Perpetual signaling with imperfectly correlated costs
AbstractIn many imperfect-information models in industrial organization, a firm is induced to take an action that does not maximize its first-period profit because other firms view this action as a signal about the firm's private information. In these models, because the opponent firms can correctly invert the firm's strategy, all information is revealed after play in the first period, and in subsequent periods all firms play their single-period profit-maximizing strategies. Thus, behavior like limit pricing is observed only in the first period, and not in any subsequent period. The empirical importance of such signalling behavior, however, depends on its being perpetuated through time rather than being a single-period phenomenon. In this article, such perpetual signalling is obtained by allowing the variable about which firms have private information to vary through time. In a separating equilibrium, while a firm's action will perfectly reveal its private information in a period, it will not perfectly reveal the firm's private information in subsequent periods. Thus, the incentive to signal perpetuates through time.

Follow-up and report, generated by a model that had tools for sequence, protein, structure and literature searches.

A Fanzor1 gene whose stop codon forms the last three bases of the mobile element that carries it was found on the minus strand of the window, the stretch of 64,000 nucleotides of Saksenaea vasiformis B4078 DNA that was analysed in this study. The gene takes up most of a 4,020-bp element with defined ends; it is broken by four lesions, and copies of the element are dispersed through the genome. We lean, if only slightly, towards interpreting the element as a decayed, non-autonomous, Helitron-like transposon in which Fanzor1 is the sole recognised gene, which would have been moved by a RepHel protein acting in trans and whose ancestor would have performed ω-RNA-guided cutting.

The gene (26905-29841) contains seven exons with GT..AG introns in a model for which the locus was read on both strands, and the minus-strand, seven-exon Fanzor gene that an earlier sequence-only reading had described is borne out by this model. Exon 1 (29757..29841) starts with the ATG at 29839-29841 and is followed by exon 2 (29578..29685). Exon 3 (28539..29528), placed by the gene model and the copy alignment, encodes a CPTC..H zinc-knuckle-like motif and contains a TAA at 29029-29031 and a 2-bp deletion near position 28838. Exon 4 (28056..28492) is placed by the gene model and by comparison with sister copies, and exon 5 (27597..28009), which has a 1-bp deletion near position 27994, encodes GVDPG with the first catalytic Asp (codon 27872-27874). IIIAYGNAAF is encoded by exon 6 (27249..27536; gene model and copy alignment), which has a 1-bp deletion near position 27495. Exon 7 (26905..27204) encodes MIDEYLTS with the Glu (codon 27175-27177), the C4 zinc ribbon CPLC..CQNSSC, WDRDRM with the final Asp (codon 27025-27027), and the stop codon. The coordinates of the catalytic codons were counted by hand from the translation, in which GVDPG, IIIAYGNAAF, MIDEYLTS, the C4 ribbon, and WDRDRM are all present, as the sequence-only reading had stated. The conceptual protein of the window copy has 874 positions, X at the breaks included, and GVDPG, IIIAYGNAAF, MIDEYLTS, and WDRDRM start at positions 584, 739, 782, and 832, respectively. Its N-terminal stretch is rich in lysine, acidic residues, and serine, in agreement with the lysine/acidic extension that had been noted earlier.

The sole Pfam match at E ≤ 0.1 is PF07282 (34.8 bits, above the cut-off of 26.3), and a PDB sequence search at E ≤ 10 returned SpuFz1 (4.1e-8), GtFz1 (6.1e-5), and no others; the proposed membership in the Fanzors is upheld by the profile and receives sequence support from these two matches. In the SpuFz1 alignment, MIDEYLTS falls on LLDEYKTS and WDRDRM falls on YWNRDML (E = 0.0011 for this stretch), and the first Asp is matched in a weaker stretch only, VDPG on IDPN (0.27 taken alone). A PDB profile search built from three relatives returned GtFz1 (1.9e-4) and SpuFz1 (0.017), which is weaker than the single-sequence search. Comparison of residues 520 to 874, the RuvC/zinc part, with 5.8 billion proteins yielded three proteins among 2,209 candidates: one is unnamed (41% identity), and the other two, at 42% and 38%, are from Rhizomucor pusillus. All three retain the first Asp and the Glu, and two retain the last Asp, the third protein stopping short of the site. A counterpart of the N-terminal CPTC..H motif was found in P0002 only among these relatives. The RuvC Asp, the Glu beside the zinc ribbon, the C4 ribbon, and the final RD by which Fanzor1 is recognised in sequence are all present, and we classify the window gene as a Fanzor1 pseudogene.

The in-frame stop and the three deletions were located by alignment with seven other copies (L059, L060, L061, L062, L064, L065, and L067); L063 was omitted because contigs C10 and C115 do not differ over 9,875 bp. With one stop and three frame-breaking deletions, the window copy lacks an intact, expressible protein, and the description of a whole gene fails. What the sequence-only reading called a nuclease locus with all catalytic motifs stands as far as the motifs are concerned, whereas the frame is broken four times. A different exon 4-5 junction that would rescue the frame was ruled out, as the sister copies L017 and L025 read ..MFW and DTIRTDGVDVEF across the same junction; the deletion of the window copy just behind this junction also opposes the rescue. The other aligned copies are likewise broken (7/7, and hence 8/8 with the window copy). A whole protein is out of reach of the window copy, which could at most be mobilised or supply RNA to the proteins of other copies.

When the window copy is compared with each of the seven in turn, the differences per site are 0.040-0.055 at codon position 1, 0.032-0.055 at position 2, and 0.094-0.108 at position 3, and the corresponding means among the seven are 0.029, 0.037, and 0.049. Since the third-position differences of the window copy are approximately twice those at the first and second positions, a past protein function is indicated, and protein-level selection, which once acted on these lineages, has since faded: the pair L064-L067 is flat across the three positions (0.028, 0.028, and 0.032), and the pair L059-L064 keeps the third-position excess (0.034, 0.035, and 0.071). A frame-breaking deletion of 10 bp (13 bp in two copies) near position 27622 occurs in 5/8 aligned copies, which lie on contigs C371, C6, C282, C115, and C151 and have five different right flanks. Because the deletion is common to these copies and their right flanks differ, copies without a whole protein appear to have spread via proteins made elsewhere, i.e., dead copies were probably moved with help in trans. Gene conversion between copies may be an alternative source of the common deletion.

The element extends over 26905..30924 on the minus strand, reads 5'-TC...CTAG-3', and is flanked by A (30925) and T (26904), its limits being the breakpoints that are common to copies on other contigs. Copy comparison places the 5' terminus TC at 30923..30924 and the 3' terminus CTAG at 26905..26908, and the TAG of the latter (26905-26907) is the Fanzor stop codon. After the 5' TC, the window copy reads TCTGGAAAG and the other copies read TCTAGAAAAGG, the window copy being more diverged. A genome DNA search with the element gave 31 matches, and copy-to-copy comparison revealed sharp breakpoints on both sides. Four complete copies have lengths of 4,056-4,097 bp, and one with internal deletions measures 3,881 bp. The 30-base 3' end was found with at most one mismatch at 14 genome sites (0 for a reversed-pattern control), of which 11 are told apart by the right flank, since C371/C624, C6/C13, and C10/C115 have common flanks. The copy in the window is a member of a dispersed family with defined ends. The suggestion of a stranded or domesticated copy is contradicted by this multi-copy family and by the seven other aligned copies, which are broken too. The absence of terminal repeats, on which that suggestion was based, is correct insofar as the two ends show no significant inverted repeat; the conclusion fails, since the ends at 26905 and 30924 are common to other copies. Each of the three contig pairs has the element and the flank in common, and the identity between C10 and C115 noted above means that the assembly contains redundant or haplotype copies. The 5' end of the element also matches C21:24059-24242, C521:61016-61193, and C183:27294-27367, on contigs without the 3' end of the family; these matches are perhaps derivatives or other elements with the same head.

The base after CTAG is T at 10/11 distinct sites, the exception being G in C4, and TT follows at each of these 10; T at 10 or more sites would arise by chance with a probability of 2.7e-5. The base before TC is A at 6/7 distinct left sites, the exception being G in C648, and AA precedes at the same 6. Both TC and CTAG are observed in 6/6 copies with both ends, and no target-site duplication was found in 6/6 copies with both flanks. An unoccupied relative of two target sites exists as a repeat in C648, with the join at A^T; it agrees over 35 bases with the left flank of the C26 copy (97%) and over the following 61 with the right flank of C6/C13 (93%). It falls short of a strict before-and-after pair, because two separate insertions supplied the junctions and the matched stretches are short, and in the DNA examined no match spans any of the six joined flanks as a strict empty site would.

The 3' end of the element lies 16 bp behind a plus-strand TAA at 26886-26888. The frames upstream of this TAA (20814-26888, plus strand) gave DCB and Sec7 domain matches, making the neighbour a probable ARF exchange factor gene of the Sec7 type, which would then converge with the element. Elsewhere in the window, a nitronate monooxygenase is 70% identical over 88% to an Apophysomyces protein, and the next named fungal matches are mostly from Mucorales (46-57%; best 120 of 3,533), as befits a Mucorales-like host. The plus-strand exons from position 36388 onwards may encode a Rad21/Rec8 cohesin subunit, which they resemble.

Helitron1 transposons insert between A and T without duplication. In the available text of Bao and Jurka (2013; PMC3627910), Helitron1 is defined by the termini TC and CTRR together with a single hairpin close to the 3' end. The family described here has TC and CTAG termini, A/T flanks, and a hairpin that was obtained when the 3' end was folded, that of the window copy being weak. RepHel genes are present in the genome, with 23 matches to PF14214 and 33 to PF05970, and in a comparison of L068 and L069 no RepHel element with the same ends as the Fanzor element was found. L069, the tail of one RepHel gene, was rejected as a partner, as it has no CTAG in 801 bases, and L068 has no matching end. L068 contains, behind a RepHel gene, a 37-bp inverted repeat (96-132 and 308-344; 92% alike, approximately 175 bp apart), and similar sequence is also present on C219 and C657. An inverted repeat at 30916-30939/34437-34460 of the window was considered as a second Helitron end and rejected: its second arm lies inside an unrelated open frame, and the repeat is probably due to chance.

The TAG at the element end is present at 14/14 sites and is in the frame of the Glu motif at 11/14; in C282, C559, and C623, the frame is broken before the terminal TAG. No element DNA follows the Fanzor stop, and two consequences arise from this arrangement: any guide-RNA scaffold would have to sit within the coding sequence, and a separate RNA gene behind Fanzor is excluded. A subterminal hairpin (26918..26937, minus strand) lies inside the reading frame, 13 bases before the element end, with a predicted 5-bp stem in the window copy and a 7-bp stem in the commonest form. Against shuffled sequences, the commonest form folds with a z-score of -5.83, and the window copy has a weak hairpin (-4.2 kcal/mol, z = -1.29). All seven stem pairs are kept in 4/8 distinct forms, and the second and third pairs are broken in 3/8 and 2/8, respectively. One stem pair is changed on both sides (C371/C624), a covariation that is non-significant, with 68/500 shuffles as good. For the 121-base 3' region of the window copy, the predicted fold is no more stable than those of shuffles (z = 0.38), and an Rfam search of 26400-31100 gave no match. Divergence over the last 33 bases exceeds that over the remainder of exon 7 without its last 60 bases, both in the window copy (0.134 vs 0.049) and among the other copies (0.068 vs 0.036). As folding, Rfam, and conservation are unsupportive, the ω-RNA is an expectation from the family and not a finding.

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Bibliographic InfoPaper provided by Federal Reserve Bank of Philadelphia in its series Working Papers with number 90-13.
Date of creation: 1990
Date of revision:
Other versions of this item:
- Loretta J. Mester, 1992. "Perpetual Signalling with Imperfectly Correlated Costs," RAND Journal of Economics, The RAND Corporation, vol. 23(4), pages 548-563, Winter.
- Loretta J. Mester, 1992. "Perfectual signaling with imperfectly correlated costs," Working Papers 92-8, Federal Reserve Bank of Philadelphia.
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- Neuberger, Doris, 1997. "Structure, Conduct and Performance in Banking Markets," Thuenen-Series of Applied Economic Theory 12, University of Rostock, Institute of Economics.
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